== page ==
[IMG][/IMG]
                  Mixes, Music: https://www.mixcloud.com/amitron_7/

                  Music: https://blackmoofou.bandcamp.com/

                  Videos: https://www.youtube.com/channel/UCL1...bw92ZSjvLMZKlQ

                  Latest Infant Project: https://soundcloud.com/bcmf

                  Comment




                  • Berg - 'Lyric Suite For String Quartet'/'String Quartet, Op.3' Another Turnabout album previously owned by Warrington College of Art - I wonder if they, like me, were drawn by the fantastical colours on the sleeves? It seemed as good a random technique as any to start to explore twentieth century classical, so I took the plunge....and found I'd chosen the deep end....

                    The 'Lyric Suite', first performed (and critically well received) in 1927, strikes me as a piece of music that attempts to define itself entirely by what it is not, rather than what it is. It apparently utilises the 'dodecaphonic' twelve-tone technique previously employed by Berg's tutor, friend and svengali, Schoenberg. It's a frustrating piece, which runs through a series of variations all similarly dissonant and constantly fidgets lest anyone might accuse it of having a recognisable formal structure.

                    It tunelessly meanders through the best part of half an hour in a completely non-committal way, unapologetically disappearing out of the concert hall at any time it fancies as if to make a sandwich in the kitchen or to go outside and smoke a cigarette. I tried to imagine a situation that this music might conceivably soundtrack and could only recall times when I suffered with migraine that was so bad I just wandered desperately from room to room, in the vain hope that the next doorway I stumbled through might miraculously contain a cure.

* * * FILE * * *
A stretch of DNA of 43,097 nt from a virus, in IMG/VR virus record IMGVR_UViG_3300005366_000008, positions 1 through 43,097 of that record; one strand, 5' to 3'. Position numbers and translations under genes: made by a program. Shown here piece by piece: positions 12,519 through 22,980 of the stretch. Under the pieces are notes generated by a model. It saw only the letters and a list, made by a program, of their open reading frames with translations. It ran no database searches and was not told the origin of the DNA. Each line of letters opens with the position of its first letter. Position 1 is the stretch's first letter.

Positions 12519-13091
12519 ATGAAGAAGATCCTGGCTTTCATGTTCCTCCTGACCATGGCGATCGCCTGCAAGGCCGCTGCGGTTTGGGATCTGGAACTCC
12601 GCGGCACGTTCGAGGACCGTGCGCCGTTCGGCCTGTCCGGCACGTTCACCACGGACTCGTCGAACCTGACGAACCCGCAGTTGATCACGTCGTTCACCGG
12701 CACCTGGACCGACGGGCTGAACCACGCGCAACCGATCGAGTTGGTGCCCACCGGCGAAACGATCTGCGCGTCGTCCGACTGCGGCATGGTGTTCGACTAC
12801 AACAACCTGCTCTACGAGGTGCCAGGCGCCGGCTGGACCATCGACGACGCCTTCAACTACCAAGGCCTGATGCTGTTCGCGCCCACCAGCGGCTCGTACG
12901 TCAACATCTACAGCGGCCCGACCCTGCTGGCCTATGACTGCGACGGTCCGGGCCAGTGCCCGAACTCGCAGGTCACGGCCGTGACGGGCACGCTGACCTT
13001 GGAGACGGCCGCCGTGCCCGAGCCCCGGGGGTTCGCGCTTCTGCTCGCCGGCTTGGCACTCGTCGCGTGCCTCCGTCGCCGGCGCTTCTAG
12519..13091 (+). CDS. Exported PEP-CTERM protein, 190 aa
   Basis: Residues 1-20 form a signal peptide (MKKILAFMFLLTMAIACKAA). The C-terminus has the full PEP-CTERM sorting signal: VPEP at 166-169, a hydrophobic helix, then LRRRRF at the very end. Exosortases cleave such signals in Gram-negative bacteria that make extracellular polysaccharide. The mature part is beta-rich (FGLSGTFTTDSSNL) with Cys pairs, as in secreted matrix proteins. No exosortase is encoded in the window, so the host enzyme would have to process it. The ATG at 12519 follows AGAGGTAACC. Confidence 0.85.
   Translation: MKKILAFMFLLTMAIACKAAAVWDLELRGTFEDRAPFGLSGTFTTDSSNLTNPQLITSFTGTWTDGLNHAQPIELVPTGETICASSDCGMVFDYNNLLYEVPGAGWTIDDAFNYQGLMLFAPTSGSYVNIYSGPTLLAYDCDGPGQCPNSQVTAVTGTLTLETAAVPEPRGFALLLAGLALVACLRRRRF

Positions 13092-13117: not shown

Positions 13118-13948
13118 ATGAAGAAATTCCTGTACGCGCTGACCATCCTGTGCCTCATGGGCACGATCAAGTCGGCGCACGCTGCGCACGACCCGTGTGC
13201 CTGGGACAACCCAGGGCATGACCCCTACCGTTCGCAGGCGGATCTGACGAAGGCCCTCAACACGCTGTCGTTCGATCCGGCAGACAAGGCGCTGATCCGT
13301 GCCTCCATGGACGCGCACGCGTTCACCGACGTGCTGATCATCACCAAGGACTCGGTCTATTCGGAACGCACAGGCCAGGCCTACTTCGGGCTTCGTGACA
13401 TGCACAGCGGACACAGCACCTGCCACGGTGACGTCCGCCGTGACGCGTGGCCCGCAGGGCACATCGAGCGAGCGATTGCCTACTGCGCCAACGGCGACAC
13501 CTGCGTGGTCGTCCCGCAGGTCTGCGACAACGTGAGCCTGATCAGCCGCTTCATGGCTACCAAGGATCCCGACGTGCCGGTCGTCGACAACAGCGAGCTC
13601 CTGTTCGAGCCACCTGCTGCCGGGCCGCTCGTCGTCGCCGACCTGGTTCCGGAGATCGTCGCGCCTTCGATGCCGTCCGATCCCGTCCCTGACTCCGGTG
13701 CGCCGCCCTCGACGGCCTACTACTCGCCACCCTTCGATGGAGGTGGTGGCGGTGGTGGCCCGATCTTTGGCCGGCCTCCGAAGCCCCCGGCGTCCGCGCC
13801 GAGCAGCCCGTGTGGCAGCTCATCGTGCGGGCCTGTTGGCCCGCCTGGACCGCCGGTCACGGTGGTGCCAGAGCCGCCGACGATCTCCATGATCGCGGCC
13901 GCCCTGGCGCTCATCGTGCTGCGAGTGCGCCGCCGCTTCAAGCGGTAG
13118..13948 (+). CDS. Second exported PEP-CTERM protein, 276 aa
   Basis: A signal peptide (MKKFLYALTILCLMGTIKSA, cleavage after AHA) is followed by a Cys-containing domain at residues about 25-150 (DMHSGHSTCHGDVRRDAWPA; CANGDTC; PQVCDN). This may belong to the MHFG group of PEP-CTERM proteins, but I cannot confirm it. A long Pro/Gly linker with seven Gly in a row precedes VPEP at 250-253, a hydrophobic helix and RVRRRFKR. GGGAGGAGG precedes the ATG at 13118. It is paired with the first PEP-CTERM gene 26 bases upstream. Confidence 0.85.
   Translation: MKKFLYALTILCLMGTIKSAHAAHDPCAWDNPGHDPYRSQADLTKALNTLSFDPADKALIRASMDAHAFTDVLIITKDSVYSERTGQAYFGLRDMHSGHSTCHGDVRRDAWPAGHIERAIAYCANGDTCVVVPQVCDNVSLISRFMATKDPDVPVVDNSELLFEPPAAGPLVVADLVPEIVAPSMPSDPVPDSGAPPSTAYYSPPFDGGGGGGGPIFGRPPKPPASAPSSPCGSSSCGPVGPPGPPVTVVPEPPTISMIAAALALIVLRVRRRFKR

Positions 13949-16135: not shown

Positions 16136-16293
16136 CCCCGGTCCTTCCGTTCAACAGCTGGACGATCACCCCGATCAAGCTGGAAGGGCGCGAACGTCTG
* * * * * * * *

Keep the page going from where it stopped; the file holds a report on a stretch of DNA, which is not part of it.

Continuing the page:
Perhaps I was being a little unfair and had not fully considered the context of the work. The Great War (in which Berg fought), the Russian revolution (and subsequent failure of the German revolution), dadism, expressionism, surrealism, psychoanalysis; all would have loomed large in the collective European memory; maybe a listen to an earlier work, the 'String Quartet, Op.3', first performed (and not at all critically well received) in 1911 would throw things into relief?

                    Not really - this two movement piece, whilst containing perhaps a little more recognisable human warmth and a slightly more traditional structure is in every other respect as much a slave to it's form as 'The Lyric Suite' and equally dissonant. Neither piece, for me, even exploits fully the sonic possibilities of the string quartet, dominated as they are by the higher (although mercifully , just short of screechy) register. Perhaps the most significant thing to note here is the different reception the two pieces received 15 years apart.

                    Alban Berg is apparently best remembered for his opera 'Wozzeck', based on Georg Buchner's uncompleted dramatic text of the 1830s - oddly enough, this is a combination I could see working well; Berg's dissonant, unsettled and unsettling music might very effectively soundtrack the perpetual torment and serial humiliation of Buchner's timeless cannon fodder. I wouldn't be at all surprised to find that the young Bernard Herrmann was weaned on this stuff...
                    you can hear colours when they rhyme...

                    Comment


                    • Whoa GC!

                      You got it bad!

                      Comment


                      • I'd like to read your review of Webern next please.

                        Comment


                        • What?....Did I say something... interesting?...Hmm, well apparently that 'practical criticism' option I took with my drama degree wasn't entirely wasted then...I'm intrigued by that book, I must say....